Scott Saifer replies:
I was not involved in the panel last November, so I hope someone will bring me up to speed on this question. Lactose is a disaccharide made up of glucose and galactose. The metabolism of galactose starts with it's conversion to glucose 1-phosphate, after which it follows the same metabolic pathway the glucose 1-phosphate which is released during glycogenolysis. What does 12-carbon lactose have to do with 3-carbon lactic acid?
Meanwhile, yes, training 60km without eating beforehand will have a substantial negative effect on recovery in that such a ride will deplete glycogen stores more than the same ride after breakfast when sugars and fats from breakfast will be utilized, sparing glycogen. Since performance is impaired while glycogen is depleted and it takes several days to restore deeply depleted glycogen stores, such a pattern of not eating and riding will most likely impair performance.
Ric Stern replies:
I was a panelist then, but don't recall such a response, and in fact checking the question and answer for that day reveals that Jim responded in with a similar response to Scott. Jim, did however, report that a lot of people are lactose intolerant and that mixing recovery drinks with water as opposed to milk might mean faster absorption rates. As Scott and Jim report none of this is to do with lactate produced when training.
Additionally, as Scott suggests, training on an empty stomach after an overnight fast is likely detrimental to performance and recovery. If you are timed limited prior to training a light then you should endeavour to consume something light and high in carbohydrates which can be digested rapidly such as fluids and energy gel or a carbohydrate-electrolyte sports drink. These will help to restore and top up liver glycogen from the overnight fast, thus allowing you to better maintain training intensity.
I am a 39 year old enthusiastic recreational cyclist. I usually do a few races each year in both MTN biking and Triathlons (sprints). I love MTN biking but it is a three hour round trip before I can even hit the trails. So last summer I bought a road bike just to keep the miles up, around 100 a week. My average heart rate is about 158 on our 21 mile group ride every Saturday. I did Chris Carmichael's three mile fit test in just under nine minutes last fall, but I have yet to do one this season.
I am very confused at this time on how to improve my fitness. I started (road) riding with a local shop last summer later realizing I was losing fitness. This, to say the least, was very frustrating. I have read about building a solid base/foundation level but am curious how strict I have to be during this time. (I am trying to follow Mark Allen's recommendation of 180-39 = 141-5 = for a max foundation building heart rate of 136) Can I still do my hard Saturday ride with the local shop during this phase of my training or should I stay away for a certain length of time? If so, how long? My first race is not until May 19th. At what point should I start putting in harder workouts? My main goal is a race on June 13th. Any help you can give would be greatly appreciated.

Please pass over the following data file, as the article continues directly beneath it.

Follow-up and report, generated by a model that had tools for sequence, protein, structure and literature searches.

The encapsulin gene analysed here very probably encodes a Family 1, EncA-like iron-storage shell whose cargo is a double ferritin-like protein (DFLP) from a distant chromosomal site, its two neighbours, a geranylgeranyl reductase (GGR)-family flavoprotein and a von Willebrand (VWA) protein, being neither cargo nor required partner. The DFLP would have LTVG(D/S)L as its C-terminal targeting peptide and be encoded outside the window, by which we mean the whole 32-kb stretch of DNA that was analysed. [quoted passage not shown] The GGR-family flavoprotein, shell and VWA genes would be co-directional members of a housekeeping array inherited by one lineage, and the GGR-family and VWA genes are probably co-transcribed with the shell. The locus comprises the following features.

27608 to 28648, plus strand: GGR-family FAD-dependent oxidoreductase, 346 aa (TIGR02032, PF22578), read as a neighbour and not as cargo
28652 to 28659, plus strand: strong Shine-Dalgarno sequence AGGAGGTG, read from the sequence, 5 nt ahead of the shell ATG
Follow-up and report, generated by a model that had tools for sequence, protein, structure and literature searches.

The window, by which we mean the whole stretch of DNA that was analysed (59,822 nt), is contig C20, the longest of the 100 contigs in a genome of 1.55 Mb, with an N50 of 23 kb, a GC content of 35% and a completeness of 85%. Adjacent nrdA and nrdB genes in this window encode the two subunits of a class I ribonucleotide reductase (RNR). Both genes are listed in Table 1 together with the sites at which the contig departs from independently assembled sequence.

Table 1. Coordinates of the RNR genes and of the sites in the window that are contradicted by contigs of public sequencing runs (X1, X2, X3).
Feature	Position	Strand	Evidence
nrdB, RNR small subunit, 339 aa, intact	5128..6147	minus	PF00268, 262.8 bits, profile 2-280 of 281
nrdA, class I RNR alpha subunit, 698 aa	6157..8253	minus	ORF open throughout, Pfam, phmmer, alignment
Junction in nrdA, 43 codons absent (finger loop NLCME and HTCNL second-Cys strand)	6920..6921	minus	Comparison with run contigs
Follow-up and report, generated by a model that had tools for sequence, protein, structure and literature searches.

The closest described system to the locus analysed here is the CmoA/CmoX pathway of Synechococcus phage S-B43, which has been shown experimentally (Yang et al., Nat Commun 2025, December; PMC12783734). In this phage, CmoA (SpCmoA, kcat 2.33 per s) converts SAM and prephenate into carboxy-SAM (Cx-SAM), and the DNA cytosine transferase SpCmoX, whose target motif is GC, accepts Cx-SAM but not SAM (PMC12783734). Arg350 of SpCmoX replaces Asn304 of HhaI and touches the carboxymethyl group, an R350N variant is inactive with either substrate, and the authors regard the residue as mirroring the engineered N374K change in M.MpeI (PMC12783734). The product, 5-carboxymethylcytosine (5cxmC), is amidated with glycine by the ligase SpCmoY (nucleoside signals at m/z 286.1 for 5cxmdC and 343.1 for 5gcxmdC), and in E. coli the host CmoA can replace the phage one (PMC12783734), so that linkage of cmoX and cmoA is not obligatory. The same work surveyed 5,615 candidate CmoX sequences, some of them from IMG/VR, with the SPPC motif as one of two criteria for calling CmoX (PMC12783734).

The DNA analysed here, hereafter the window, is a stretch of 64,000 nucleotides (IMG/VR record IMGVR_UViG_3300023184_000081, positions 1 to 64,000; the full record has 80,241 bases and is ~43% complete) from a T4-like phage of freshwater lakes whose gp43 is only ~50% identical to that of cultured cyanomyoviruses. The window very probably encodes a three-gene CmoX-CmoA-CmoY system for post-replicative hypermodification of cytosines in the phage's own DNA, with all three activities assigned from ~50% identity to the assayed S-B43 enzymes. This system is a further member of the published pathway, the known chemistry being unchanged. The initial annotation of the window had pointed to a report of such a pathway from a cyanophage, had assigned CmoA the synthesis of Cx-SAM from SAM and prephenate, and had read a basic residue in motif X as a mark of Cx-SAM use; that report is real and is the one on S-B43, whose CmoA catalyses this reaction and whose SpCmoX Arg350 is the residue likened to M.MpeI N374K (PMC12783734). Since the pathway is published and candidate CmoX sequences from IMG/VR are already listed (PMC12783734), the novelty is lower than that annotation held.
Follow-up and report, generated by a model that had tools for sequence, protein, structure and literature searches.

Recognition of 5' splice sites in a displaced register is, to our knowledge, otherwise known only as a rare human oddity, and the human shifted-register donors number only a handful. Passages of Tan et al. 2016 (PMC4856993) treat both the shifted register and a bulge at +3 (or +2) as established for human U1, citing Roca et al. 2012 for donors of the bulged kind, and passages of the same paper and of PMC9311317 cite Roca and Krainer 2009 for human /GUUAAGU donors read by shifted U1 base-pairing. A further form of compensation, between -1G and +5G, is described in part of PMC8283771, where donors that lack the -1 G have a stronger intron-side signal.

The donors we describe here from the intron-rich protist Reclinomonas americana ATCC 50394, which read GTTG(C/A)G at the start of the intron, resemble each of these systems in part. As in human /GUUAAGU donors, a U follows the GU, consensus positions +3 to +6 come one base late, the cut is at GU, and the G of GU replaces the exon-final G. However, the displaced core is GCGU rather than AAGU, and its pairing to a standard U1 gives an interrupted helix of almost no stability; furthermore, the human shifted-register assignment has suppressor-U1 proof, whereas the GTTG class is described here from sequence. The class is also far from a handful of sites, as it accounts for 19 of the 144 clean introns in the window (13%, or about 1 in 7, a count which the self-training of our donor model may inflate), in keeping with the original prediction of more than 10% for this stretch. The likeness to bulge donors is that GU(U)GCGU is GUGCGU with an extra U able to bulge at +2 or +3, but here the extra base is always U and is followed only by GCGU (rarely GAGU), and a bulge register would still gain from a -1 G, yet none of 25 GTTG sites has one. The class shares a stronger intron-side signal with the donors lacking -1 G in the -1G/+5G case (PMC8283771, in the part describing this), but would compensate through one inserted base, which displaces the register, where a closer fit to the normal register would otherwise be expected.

Floundering wannabe from Virginia Beach, VA
Dave Palese replies:
In the context of following a training plan pointed towards a target event, the real issue is establishing a good balance of low, middle and high intensity during your "base" cycles. There isn't anything wrong or detrimental with doing performing some high intensity efforts during these early periods.
What can make your training less effective is spending too much time training at these higher intensities at the expense of training time in the lower ranges.
Training at lower intensities causes positive adaptations that will serve you well later when you start doing focused training at higher intensities in preparation for you target events. Also, spending 8-12 weeks putting in a good base will help prevent injuries. Many riders rush into higher intensity training without putting in a solid foundation, and suffer avoidable injuries.
So, if Saturday is one of your days of the week that accounts for a large chunk of your training time, I would suggest avoiding the group ride for 4-6 weeks (maybe more) until you have had a chance to do some focused base training.
As far as when you should start doing your harder workouts, or shifting to more event specific workouts, I would say 6-8 weeks out from your target is good. Also leave enough time to taper down your hard training so you show up on race day fit and well rested.
Leg length discrepancy
First I just want to thank you for all of your expert advice. I have a couple quick questions. I am relatively new to the sport of cycling and am in the base endurance building phase of my training program. On receiving my yearly physical my Doctor happened to mention, out of the blue, that my left leg is 2 cm shorter than my right. I do not notice anything when I am on the bike, but I am wondering, since it is early in my training regiment, should I try and fix this?
Second, I have been experiencing some tenderness in my Achilles tendons and it seems to happen as a result of dropping my heels when climbing. Should I simple try and climb without trying to harness that extra power one gets when dropping ones heels on climbs? I am 26 yrs. old, 5t 11in, and about 170lb.
Scott Saifer replies:
Yes, you should try to do something about the leg length discrepancy. The question is what. There are two types of leg length discrepancy: anatomical and functional. If you have an anatomical discrepancy, the lengths of the bones are actually different. Depending on which bones are different, shims under the cleat or cleat position might need to be adjusted.
If you have a functional leg length difference, you have your pelvis tilted so that one side is higher than the other even though the leg bones are the same length. This type of discrepancy can sometimes be corrected by chiropractic or physical therapy, and is sometimes so stuck that bike and or cleat adjustments are required. I'd hesitate to prescribe a particular fix without actually seeing you, so I'd suggest that you visit a competent bike-aware physical therapist or chiropractor in your neighborhood.
When you say that you are dropping your heels, do you mean at the top or the bottom of the pedal stroke, or both?